Having said all this, there are clear risks in offering a teen credit. A parent may find him or herself in the position of needing to bail a child out of unmanageable debt. Teens are, after all, inexperienced, impulsive and naive (some more than others) – characteristics that can get them into serious trouble of all kinds.

Given this is the case, how can you know if your teen can manage a credit card?

Consider Your Teen’s Personality
Is your teen a natural spender or someone who is able to save for a rainy day? Does your child tend to be impulsive, buying things that he or she never ends up using or do you see evidence of well-considered purchases?

Conduct a Test Drive
Before handing over a credit card, try simply providing a larger allowance and realm of financial responsibility to your teen. See how the youngster handles that extra responsibility. Can he or she function within the budget without coming to you for shortfalls? Is the youngster content within that budget? Is he or she making appropriate choices (i.e. buying lunch as well as t-shirts, instead of just t-shirts?). Can he or she set aside savings for large expenses and needs? “Yes” on all fronts earns a credit card. Even one “No” indicates a need for more experience and maturity before involving the bank!

Communication Skills
If you and your teen aren’t on good speaking terms, be careful about handing over credit. Your teen can get a credit card independently when he or she can present himself responsibly to a bank. Communication needs to be open so that your child can ask you questions when they arise, ask for help when it is needed and keep you informed about personal finances. Although you should not abuse the privilege, it should be possible for you to inquire about the balance on a card that you have co-signed for and you should be able to access the account. If there is no reason for you to do so, however, then DON’T. If you didn’t trust your child in the first place, you should not have provided a credit card. If you feel the need to check the monthly statement on your child’s card, the child should not have a card. Hopefully, you waited until the child showed appropriate signs of financial maturity and credit readiness. If so, everything should go smoothly. As  your teen becomes a young adult, you’ll be able to complete respect his or her financial privacy.

Another aspect of good communication involves YOUR OWN communication with your child. Be very clear – in fact, put it in writing – what the child’s credit card is for. For instance, do you want your child to use the card to buy all of his clothing, outerwear, digital devices, restaurant food and so on and so forth? Let him know what YOU are paying for and what you want HIM or HER to pay for – be as clear as possible in order to avoid misunderstandings and conflict.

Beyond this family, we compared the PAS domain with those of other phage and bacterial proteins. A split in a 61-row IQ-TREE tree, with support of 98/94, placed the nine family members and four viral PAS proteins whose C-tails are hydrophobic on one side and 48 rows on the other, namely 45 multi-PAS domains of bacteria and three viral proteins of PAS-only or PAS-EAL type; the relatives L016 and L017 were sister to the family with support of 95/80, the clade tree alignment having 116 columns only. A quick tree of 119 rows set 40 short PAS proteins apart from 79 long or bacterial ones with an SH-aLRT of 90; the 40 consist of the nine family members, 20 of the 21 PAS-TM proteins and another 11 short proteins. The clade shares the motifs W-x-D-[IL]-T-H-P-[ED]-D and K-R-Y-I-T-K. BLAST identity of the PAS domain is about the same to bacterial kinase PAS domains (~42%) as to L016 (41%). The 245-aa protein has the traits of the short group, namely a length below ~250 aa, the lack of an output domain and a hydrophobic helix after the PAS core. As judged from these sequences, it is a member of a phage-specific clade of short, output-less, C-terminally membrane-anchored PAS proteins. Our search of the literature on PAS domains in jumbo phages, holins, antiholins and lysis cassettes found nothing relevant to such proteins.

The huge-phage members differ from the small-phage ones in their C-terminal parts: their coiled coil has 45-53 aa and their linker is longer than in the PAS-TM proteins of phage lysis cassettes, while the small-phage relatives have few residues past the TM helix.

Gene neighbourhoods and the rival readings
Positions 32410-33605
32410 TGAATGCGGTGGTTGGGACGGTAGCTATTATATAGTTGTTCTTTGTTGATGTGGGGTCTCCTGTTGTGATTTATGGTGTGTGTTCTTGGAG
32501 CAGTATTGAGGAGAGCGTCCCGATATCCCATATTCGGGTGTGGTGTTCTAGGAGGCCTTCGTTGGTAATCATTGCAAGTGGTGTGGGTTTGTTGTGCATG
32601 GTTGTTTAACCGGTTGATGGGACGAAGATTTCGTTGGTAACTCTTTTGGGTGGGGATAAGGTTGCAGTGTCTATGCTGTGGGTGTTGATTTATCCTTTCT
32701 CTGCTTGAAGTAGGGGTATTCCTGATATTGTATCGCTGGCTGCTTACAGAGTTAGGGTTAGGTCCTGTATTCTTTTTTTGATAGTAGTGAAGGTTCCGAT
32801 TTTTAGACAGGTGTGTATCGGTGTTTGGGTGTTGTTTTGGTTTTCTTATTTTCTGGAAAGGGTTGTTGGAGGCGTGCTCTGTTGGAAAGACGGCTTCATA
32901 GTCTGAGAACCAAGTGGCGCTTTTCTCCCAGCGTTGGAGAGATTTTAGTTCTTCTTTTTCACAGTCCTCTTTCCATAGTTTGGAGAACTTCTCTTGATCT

Finally, enjoy watching your child become a responsible adult!

Giving Your Child an Allowance

A child’s allowance can be more than just a convenient way to buy snacks – it can be a teaching tool for a lifetime of sound financial management. Parents can help children learn how to use the money that is given through a weekly or monthly allowance, giving them age-appropriate opportunities to learn about spending, saving, budgeting and more.

Following are some key principles of financial literacy that you can teach your kids through their allowance:

Needs First, Then Wants
The concept of “budget” can be taught through the management of an allowance. Give your young child a weekly allowance that he or she can spend on snacks as he or she sees fit. If the child spends all the money on the first day of the week, there will be no more money for snacks that week – unless YOU give more, which, of course, you won’t! It is important that a child experiences a “pay day” just like grownups do. Money is given at regular intervals – every week or every two weeks or every month or even every six months for older teens. The child needs to learn how to make dollars stretch over time, just like you do.

When kids are just a little older, they can begin to practice discretionary spending – making decisions about how to use their funds. Parents can help with this process by giving an allowance that must cover more than snacks; it can cover entertainment, school snacks, restaurant meals, make-up and other toiletries. The younger the child, the fewer the items covered by an allowance. Young teens can use their allowance to buy school supplies and some of their clothing as well as leisure items. With one larger lump sum, kids will begin to look for bargains and sales on necessities so that they can have more entertainment and treat money available. Older teens and young adults may receive their allowance as a monthly stipend deposited directly to their bank account or given as an advance on a credit card. This allows them to learn about money tools, credit, simple savings and chequing accounts and other aspects of adult money management. For each age group, parents can teach the importance of allocating money for necessities, savings, pleasures and charity.

If possible, bring home some “allowance” books from your local library. There are lots of books that teach kids how to use their allowance for everything from spending to helping their money to grow.

Pay Yourself First
You can use your child’s allowance to teach the concept of saving for larger expenses. For instance, you can encourage your child to set aside a portion of the allowance each “pay day” and then use those savings for a special purchase (a special toy, article of clothing, activity, class or whatever). Older kids can be encouraged to deposit these savings into a bank account while little ones can be given a piggy bank that will serve a similar purpose. Kids can really enjoy the accomplishment of being able to buy themselves something that they’ve worked hard to save for!